On-line handwriting recognition system using fisher segmental matching and Hypotheses Propagation Network

Jong Oh, Davi Geiger

Research output: Chapter in Book/Report/Conference proceedingConference contribution

Abstract

We propose an on-line handwriting recognition approach that integrates local bottom-up constructs with a global top-down measure into a modular recognition engine. The bottom-up process uses local point features for hypothesizing character segmentations and the top-down part performs shape matching for evaluating the segmentations. The shape comparison, called Fisher segmental matching, is based on Fisher's linear discriminant analysis. Along with an efficient ligature modeling, the segmentations and their matching scores are integrated into a recognition engine termed Hypotheses Propagation Network, which runs a variant of topological sort algorithm of graph search. The result is a system that is more shape-oriented, less dependent on local and temporal features, modular in construction and has a rich range of opportunities for further extensions. Our system currently performs at 95% of recognition rate on cursive scripts with a 460-words dictionary.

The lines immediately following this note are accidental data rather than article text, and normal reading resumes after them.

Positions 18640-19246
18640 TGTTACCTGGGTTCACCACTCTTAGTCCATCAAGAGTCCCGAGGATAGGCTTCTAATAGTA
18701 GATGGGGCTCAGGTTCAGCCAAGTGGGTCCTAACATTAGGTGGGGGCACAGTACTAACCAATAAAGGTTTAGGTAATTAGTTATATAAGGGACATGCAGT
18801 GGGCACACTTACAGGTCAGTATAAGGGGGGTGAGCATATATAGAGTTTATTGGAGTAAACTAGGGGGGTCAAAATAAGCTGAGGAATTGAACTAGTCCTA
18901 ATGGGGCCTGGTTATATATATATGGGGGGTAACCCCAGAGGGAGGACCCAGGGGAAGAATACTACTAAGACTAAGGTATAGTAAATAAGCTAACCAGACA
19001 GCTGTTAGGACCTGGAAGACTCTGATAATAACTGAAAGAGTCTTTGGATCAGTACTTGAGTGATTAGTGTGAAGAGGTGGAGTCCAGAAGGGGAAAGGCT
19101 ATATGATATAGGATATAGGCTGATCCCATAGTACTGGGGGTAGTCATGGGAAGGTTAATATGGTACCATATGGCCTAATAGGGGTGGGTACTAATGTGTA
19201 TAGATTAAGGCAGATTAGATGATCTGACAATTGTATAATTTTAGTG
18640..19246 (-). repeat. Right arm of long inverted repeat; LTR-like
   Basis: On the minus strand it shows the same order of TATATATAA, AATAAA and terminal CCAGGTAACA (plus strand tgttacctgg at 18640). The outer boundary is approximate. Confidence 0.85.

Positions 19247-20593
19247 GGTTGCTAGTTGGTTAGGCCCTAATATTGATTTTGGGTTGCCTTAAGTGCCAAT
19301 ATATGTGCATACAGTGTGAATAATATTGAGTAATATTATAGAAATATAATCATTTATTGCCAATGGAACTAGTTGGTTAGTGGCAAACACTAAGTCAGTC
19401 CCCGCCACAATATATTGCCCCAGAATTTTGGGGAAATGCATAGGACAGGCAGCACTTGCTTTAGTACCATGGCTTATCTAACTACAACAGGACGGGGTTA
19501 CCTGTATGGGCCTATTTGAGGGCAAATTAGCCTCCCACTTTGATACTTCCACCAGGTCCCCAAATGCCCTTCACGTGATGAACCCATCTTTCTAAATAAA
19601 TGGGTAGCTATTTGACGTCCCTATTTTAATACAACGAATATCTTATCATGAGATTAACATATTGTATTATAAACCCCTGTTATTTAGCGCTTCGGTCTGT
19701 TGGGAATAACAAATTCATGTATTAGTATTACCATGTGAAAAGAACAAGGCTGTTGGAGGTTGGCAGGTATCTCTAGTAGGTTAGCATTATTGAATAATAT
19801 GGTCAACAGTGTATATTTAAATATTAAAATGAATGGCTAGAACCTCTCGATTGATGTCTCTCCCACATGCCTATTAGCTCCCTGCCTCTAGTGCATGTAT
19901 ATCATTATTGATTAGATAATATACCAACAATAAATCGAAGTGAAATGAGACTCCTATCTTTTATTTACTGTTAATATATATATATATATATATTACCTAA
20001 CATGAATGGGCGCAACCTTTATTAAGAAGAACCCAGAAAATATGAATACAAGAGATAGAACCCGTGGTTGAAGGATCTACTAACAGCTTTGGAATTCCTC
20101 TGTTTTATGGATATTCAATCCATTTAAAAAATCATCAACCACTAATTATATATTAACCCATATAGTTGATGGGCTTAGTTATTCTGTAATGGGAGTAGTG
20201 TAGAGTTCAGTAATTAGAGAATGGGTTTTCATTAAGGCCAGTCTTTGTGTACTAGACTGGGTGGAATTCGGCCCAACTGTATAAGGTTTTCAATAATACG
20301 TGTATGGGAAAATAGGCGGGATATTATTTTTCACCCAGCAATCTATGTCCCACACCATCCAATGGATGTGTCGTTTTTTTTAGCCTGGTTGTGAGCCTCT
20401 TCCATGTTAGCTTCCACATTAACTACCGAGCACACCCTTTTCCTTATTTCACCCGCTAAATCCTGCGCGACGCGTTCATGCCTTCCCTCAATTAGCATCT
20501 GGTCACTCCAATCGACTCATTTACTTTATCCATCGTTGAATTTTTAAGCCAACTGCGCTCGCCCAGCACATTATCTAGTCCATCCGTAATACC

Original languageEnglish (US)
Title of host publicationProceedings of the IEEE Computer Society Conference on Computer Vision and Pattern Recognition
Pages343-348
Number of pages6
Volume2
StatePublished - 2000
EventCVPR '2000: IEEE Conference on Computer Vision and Pattern Recognition - Hilton Head Island, SC, USA
Duration: Jun 13 2000Jun 15 2000

Other

OtherCVPR '2000: IEEE Conference on Computer Vision and Pattern Recognition
CityHilton Head Island, SC, USA
Period6/13/006/15/00

Fingerprint

Engines
Discriminant analysis
Glossaries

ASJC Scopus subject areas

  • Electrical and Electronic Engineering